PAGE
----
Phone It In

“My goal is to simply have a great online and mobile database that helps the general public find great parks and recreation facilities wherever they might live or travel,” Auth explained.

If you have questions, contact Rodney J. Auth, Publisher, at 866-444-4216 x226, Fax 330-723-6598, or email at rodney@northstarpubs.com

So ultimately, who will this new app serve?

Say for instance a family–Mom, Dad, two kids and a dog–is traveling cross-country to visit Gramma and Grampa. They are taking their time and want to explore low-cost activities along the way.

So Mom pulls out her smart-phone and clicks the PRB app icon. Mom is looking for a handicap-accessible playground (one of her children is disabled) that allow pets.

If the parks department in “Anytown” wisely put their info on the PRB site, it will pop up, and if the information and pictures are enticing, the family will head for the exit. Anytown now enjoys the benefit of their visit; they play, they eat, they buy gas and supplies.

It’ll be hard to keep ‘em back on the farm after they’ve seen this app…

Randy Gaddo, a retired Marine, who also served until recently in municipal parks and recreation, lives in Peachtree City, Ga., and can be reached at (678) 350-8642 or email cwo4usmc@comcast.net.

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3 comments on “Phone It In

  1. Dan Downey on said:

    Randy,
    Thanks for your story. Keep em coming.
    Life on the farm I am sure is very different in today’s world of technology.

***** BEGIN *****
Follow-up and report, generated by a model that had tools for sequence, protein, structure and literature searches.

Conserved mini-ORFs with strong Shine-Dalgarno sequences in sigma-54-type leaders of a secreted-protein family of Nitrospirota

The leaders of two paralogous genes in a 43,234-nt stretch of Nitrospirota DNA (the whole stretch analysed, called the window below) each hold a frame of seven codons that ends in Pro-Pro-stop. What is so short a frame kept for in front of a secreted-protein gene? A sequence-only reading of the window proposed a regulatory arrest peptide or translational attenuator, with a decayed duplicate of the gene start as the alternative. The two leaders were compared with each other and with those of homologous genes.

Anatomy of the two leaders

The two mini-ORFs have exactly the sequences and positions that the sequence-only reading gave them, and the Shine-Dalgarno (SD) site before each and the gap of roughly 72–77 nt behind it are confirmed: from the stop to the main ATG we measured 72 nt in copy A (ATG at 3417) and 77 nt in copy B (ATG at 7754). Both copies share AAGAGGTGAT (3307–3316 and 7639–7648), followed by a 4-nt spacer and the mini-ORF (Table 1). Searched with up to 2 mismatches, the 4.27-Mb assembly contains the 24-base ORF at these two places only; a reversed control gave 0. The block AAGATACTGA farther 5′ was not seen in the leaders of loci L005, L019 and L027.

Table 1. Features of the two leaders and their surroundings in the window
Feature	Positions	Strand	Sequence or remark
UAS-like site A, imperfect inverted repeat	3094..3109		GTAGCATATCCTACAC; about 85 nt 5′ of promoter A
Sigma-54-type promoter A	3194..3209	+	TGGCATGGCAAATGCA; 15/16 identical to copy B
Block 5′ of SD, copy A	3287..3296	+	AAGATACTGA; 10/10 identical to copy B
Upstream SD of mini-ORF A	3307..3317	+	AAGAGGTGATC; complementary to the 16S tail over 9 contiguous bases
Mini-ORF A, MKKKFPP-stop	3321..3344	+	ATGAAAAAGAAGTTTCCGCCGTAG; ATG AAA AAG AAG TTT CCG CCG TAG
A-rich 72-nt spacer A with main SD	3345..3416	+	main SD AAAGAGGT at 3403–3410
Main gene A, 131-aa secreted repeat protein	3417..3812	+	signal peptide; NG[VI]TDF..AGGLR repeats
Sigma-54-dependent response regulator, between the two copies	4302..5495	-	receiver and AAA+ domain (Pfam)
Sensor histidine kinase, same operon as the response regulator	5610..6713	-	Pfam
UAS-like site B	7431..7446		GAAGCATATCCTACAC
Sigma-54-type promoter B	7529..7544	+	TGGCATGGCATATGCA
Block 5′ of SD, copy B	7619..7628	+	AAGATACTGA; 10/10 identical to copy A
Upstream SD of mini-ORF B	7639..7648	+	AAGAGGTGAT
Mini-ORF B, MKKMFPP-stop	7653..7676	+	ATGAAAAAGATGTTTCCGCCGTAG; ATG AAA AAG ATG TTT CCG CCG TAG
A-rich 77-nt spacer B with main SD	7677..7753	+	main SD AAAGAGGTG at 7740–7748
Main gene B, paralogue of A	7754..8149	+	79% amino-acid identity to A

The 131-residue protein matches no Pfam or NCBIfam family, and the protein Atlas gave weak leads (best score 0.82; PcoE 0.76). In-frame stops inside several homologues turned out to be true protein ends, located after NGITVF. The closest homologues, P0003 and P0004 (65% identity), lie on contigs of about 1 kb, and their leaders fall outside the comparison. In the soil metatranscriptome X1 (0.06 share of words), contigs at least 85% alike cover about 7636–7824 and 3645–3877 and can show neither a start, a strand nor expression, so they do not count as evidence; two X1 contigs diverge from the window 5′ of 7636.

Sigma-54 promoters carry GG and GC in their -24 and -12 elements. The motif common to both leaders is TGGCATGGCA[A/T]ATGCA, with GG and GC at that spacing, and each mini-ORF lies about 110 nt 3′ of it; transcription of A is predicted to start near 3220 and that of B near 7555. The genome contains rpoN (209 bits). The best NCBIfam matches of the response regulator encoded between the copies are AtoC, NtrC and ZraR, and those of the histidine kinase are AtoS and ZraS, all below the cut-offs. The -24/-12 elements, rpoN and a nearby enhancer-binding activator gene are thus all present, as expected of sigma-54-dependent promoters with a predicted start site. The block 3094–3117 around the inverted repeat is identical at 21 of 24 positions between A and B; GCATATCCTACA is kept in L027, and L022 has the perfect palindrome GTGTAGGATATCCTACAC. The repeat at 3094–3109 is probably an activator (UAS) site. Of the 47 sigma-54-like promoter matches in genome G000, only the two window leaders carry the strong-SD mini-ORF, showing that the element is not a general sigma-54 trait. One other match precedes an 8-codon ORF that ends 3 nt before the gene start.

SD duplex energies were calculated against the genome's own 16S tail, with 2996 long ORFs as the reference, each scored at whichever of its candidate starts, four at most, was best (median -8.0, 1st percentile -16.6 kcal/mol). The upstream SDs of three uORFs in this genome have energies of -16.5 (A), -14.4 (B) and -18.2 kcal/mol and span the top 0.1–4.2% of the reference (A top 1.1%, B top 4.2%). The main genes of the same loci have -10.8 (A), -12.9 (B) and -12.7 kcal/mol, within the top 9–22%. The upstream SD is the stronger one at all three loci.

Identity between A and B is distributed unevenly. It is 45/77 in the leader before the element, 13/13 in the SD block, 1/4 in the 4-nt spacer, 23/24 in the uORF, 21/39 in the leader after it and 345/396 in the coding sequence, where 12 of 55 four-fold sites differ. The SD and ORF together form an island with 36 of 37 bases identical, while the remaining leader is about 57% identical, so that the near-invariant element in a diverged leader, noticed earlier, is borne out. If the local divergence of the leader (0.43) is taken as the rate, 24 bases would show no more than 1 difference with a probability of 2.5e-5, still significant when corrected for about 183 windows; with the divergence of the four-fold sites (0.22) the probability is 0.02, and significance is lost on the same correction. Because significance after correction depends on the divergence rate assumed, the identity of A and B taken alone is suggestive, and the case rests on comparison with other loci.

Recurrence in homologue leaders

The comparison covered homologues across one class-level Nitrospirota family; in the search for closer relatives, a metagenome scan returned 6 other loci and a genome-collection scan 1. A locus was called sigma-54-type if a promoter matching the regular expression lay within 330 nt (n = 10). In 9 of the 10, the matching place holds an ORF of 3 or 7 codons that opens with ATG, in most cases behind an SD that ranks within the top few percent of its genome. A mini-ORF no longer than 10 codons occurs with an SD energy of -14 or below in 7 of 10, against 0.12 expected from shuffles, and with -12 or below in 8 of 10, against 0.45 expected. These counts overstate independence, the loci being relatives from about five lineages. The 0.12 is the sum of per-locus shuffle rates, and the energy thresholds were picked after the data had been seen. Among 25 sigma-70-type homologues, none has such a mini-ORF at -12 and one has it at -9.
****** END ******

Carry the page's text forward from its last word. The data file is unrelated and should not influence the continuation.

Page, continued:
Do people still milk cows by hand?
    Glad to hear that the new P & R App will help folks to find those great Playgrounds.
    Sincerely,
    Dan Downey / Miracle Recreation of Michigan & Indiana

  2. Brian W. Flaherty on said:

    Randy:

    The change in the amount and type of technology continues to amaze me. Although these advances can benefit us, I think it is important to “unplug” from time to time. This is something I stress to my own kids and try to do myself as well. Our profession has the capability to allow for people to engage in parks and programs to benefit their health and well being.
    Sometimes that means it’s good to unplug..
    Best,
    Brian

  3. Brian: Unplugging is good, I agree, but I think more and more of our lives are tied to “comm” and we’re finding it harder and harder to do it. I read the Editor’s Welcome in the most recent Southern Living magazine and he was talking about how nice it is just to unplug and drive down country roads with no maps, GPS or cell phone. But he lamented that he rarely ever had the chance anymore because he couldn’t break away from the cell phone, email, texts, Tweets, Facebook notices and so on… I think we have way more communication than we as humans were ever meant to absorb…Thanks for your comments…Randy

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